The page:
Vector of a pencil overlapping a ruler. Represents having an idea that could be protected as intellectual property.

Intellectual Property Explained

Do you have intellectual property? A creative work or invention that could be legally protected and provide a competitive advantage for your business?

It’s worth taking the time to find out if you’re unsure. 

The worst thing you can do is not know if you have IP, fail to protect it, and lose it. 

Let’s explore the basics of intellectual property and how you can protect it.

*Disclaimer: This content is intended to be general information and does not constitute legal advice. Please consult an attorney before making any intellectual property or other legal decisions.

What is intellectual property?

A thought or notion floating around your head may be a great idea for a future product or service, but it isn’t yet intellectual property.

In the simplest terms, intellectual property (IP) pertains to things you create with your mind; not the ideas themselves, but the expression of the ideas. Names, designs, logos, automated processes, software, books, articles, music, etc., are all potential IPs. 

For a business, IP is an asset. It provides tangible value like equipment, inventory, or other physical possessions. And like your physical assets, IP should be monitored and protected differently.

There are four primary ways to protect your IP:  

  • Copyrights
  • Patents
  • Trademarks (including design rights)
  • Trade secrets

What is a trademark?

A trademark is the words, numbers, symbols, or unique packaging that distinguishes your brand.

Once registered, you can use the registered ® logo to notify the public that you own the symbol or name.

In the United States, you can also mark a trademark with a TM symbol, which means you claim an unregistered trademark. 

If another company uses your trademark, you can sue for trademark infringement or take legal cease-and-desist action against them. If the trademark is not registered, the lawsuit will be more difficult.

What is a patent?

Patents protect new inventions and cover how things work, what they do, how they do it, what they are made of, and how they are made. 

Patent protection is an act of the federal government and has to do with interstate commerce. Once a patent is approved, it provides you with exclusive rights to produce a product or use a process for up to 20 years.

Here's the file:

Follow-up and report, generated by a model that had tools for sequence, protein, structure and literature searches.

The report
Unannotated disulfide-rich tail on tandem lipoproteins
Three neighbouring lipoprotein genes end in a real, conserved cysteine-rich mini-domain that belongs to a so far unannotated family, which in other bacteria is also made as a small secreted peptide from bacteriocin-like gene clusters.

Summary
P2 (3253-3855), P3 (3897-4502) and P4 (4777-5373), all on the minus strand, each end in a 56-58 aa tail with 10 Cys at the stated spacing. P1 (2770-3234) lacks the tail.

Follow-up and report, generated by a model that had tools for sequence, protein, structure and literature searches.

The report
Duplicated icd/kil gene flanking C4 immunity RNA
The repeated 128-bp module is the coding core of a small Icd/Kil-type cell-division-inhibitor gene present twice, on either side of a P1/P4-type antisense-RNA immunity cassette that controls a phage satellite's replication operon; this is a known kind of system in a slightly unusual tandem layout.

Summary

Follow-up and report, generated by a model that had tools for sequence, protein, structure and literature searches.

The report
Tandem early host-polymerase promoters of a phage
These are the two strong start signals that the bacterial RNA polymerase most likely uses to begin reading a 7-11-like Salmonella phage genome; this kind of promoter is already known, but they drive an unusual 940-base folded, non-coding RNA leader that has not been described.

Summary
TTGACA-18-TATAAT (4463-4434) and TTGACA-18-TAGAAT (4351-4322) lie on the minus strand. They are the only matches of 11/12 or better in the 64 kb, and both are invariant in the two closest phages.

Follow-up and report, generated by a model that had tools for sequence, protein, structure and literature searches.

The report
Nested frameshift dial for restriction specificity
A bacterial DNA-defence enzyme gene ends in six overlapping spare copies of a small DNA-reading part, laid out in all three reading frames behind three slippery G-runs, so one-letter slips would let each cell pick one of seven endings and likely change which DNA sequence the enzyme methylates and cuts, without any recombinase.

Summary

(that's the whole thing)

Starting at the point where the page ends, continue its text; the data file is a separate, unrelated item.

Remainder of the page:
If someone profits from claims to an invention you have duly registered with the U.S. patent office—your patent protection allows you to sue. 

What is copyright?

Copyright protects original works of authorship like books, songs, movies, art, photographs, etc. 

Copyright protects the actual expression of ideas, not the idea itself. The copyright terms can vary but generally last at least 50 years after the author’s death.

According to the U.S. Copyright Office, a visual copyright notice should contain three elements:

  • The symbol  ©, the word “Copyright,” or the abbreviation “Copr.”
  • The year of first publication
  • The name of the copyright owner

What are trade secrets?

Trade secrets Protect confidential and proprietary information like customer lists, manufacturing processes, secret ingredients, etc. Trade secret protection lasts as long as steps are taken to maintain secrecy.

How to protect trade secrets

Physical security is essential if you have material qualifying as a trade secret or a prototype you are considering patenting.

Keep any sensitive documents like recipes or customer lists locked away in a safe or other secure storage option, not lying around on a desk for any enterprising thief to find. For any prototypes you may have, ensure that anything you don’t want stolen isn’t left in plain sight.

Intellectual property can provide you with a competitive advantage when starting a business. So, don’t miss out on protecting your work, brand, or innovations by not knowing how to identify and register IP. 

Contact an attorney for professional guidance if you’re unsure about any part of the registration process. 

Want to learn more about how to legally protect your business? Check out these resources:

Intellectual property FAQ

An example of Intellectual Property (IP) is the algorithm that powers Google’s search engine. This algorithm is a proprietary technology developed by Google and is protected as a trade secret. The details of the algorithm are kept confidential and not disclosed to the public—giving Google a competitive advantage in the search engine market.

Typically, the person or entity that created the intellectual property owns it. However, if an employee creates IP during their employment, the employer may own the IP, depending on the employment contract terms.

A trademark is a sign, symbol, or logo that identifies and distinguishes a company’s goods or services from others. For example, the Apple logo is a trademark of Apple Inc.

The ™ symbol indicates that a word, phrase, logo, or design is claimed as a trademark by a company or individual. It is often used before a trademark is officially registered.

A trademark protects names, symbols, or logos used to identify a company’s goods or services, while copyright protects original works of authorship, such as books, music, films, and software.

The right to use copyright refers to the exclusive rights the copyright owner grants to reproduce, distribute, perform, display, or license their work.

You cannot copyright facts, ideas, systems, or methods of operation. You can copyright the way these things are expressed or implemented.

A patent is a legal protection granted for an invention or process that provides a new way of doing something or offers a new technical solution to a problem. An example of a patent could be a new engine type or a novel manufacturing process.

A patent typically lasts 20 years from the filing date, provided maintenance fees are paid at regular intervals.